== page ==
We all go, some later than others. I can’t imagine living to 115, or eating three raw eggs a day, but according to a New York Times profile of Emma Morano, she believes her age and egg diet are linked.
At 115 years and nearly three months, Ms. Morano is the oldest person in Europe, the fifth oldest in the world and one of only a handful of people whose lives have straddled three centuries.
In her time, she has watched Italy evolve from a monarchy to a republic that spawned nearly 70 governments in seven decades, with a 20-year foray into Fascism in the middle. She survived two world wars, and the hardship of their aftermath; years of domestic terrorism, and years of economic prosperity that transformed Italy from an agrarian economy to one of the world’s most industrialized nations.
Ms. Morano has no doubts about how she made it this long: Her elixir for longevity consists of raw eggs, which she has been eating — three per day — since her teens when a doctor recommended them to counter anemia. Assuming she has been true to her word, Ms. Morano would have consumed around 100,000 eggs in her lifetime, give or take a thousand, cholesterol be damned.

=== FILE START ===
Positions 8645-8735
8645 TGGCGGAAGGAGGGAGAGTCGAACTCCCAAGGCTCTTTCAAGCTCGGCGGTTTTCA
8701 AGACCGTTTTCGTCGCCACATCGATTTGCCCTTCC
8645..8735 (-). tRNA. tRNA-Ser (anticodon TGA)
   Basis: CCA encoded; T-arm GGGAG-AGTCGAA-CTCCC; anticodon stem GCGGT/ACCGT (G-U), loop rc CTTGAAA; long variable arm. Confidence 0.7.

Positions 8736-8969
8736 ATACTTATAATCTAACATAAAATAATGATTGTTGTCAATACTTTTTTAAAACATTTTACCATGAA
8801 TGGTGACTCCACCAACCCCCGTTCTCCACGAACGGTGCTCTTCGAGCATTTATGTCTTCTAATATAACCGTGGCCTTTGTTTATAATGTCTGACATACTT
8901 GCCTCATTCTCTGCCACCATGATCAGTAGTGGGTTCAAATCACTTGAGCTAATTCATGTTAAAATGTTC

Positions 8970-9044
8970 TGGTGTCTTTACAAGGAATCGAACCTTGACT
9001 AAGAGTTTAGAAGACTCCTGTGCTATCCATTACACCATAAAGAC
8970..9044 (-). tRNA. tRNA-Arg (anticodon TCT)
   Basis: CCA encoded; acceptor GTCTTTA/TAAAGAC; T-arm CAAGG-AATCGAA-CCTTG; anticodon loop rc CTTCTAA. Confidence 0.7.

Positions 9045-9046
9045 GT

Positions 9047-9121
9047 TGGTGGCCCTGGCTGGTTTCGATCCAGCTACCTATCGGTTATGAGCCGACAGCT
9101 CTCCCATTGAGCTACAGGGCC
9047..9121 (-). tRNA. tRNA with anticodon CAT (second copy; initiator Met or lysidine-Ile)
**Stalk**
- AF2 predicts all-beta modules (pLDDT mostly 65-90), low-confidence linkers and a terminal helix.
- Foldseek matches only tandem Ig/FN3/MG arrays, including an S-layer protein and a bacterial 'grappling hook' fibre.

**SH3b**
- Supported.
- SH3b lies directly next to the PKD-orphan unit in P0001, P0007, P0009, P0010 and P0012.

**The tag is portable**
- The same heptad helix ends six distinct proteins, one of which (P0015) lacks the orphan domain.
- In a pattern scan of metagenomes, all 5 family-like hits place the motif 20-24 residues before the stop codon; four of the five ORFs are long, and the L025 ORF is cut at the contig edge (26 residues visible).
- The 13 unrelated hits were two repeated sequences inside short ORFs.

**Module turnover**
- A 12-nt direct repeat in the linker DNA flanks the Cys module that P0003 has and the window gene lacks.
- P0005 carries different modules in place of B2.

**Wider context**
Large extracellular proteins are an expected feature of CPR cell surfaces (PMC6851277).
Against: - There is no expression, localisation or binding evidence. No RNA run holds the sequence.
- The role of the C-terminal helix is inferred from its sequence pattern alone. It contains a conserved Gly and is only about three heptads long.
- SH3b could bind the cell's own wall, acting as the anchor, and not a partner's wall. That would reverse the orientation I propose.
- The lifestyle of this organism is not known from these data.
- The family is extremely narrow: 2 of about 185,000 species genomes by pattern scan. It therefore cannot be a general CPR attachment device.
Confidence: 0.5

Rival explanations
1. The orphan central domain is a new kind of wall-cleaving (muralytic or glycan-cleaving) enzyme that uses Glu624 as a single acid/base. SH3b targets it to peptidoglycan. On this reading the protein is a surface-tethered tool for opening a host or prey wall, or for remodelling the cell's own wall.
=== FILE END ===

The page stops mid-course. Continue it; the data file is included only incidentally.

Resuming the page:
She is also convinced that being single for most of her life, after an unhappy marriage that ended in 1938 following the death of an infant son, has kept her kicking. Separation was rare then, and divorce became legal in Italy only in 1970. She said she had plenty of suitors after that, but never chose another partner.
Assuming the prevalence of Salmonella in Italian eggs is the same as the U.S. (and Italy has had their share of outbreaks linked to eggs), Ms. Marano probably has been exposed to the pathogen 5-10 times.